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How to Afford Chapter 7 Bankruptcy

When you come to the end of your financial rope, bankruptcy is a safety net. Bankruptcy can discharge bills you cannot pay, force secured creditors to accept payments over time, save your home, your car, and even your marriage!

But how can you afford to pay all of the bankruptcy fees if you are broke? Paying attorney fees, court fees, and the required credit counseling fees are often beyond the ability of a family struggling with debt. Desperate clients frequently bemoan the same conundrum, “If I had that much money, I wouldn’t pay you; I’d pay my bills!”

While attorneys often get bad rap, this time it’s not deserved. First, consumer bankruptcy fees are very competitive and are cheap compared to other legal services. Additionally, the rate of Chapter 7 success is extremely high, so the client almost always gets what he/she expects—a discharge of debts and a financial fresh start. Finally, all Chapter 7 attorney fees are paid up–front, as a flat fee. There are no hidden fees or surprises, unlike in a divorce or criminal case.

So how are individuals able to afford a quality bankruptcy attorney?

First, the costs may be spread out over time. While your attorney must be paid before filing your Chapter 7 bankruptcy case, you may make payments before your case is filed. When you first retain a bankruptcy attorney, you receive federal consumer protections from the Fair Debt Collections Practices Act. Under that law, once you retain an attorney, a debt collector may no longer contact you directly. This temporarily stops creditor harassment. Also, because you intend to file bankruptcy in the near future, debt collectors usually delay filing lawsuits or attempting garnishments. This also gives you time to pay your attorney.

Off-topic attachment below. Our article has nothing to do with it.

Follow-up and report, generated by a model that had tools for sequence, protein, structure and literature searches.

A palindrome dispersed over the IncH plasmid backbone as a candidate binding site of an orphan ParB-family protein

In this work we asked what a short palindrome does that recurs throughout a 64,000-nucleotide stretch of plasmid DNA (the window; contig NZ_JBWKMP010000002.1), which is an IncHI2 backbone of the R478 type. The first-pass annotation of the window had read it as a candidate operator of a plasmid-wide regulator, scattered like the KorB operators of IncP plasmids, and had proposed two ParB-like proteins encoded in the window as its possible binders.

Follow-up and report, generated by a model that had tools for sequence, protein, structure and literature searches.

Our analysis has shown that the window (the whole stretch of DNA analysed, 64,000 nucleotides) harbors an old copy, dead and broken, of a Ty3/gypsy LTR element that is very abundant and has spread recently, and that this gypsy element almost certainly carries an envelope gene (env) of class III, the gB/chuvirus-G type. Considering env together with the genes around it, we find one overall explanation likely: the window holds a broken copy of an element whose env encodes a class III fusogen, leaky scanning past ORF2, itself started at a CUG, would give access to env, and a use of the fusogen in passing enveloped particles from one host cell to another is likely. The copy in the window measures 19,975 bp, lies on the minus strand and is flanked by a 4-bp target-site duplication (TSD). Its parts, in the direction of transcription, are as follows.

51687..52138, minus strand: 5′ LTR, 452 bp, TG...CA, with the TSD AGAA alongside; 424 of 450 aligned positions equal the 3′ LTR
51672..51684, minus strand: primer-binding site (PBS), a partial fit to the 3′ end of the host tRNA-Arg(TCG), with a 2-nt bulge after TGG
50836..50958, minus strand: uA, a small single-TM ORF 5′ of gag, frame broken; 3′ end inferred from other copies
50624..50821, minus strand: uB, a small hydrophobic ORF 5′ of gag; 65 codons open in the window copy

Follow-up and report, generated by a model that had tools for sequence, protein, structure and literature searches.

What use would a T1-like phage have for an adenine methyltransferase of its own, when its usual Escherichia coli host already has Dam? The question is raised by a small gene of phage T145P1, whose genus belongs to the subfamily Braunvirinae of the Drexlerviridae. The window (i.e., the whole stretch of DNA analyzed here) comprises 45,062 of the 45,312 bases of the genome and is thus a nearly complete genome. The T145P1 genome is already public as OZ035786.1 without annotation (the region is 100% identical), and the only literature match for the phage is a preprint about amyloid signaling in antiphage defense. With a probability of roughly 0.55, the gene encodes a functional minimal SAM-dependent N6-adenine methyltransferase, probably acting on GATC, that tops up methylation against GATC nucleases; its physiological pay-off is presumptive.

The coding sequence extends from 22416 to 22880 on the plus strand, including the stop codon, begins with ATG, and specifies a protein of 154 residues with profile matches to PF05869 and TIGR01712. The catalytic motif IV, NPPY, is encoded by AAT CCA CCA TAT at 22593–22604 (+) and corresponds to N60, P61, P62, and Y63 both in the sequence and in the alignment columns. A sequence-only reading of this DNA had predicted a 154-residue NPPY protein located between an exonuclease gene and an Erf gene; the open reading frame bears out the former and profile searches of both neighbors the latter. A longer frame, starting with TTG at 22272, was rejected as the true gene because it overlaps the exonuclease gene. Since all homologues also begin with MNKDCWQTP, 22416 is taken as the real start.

Most courts permit the bankruptcy filing fee (currently $306) to be paid in installments. A court may allow a debtor to make up to four payments with the final installment paid no later than 120 days after filing the bankruptcy petition (which may be extended up to 180 days for good cause).

Second, you can let Uncle Sam help you file. Many debtors receive an income tax refund in the spring. You may use tax refund money to pay your attorney or bankruptcy fees without penalty.

Third, you may borrow the money from a friend or family member. You can repay this loan after you file bankruptcy without penalty.

Fourth, in some cases it makes sense to withdraw or cash out a retirement fund in order to restructure your finances. Speak with your attorney on the feasibility of this action.

Finally, you can sell property. Sometimes the best way to protect an expensive item from turnover during bankruptcy is to sell it before you file. You are able to use this money to pay your attorney and your bankruptcy fees, as long the property was sold at fair market value.

Financing a Chapter 7 bankruptcy is often a challenge to debtors, but can be accomplished with a little ingenuity. Your attorney has helped many clients afford bankruptcy fees and has suggestions for your circumstances. For more information or a free consultation, please contact the experienced bankruptcy attorney’s at Fears | Nachawati Law Firm by calling 1.866.705.7584 or send an email to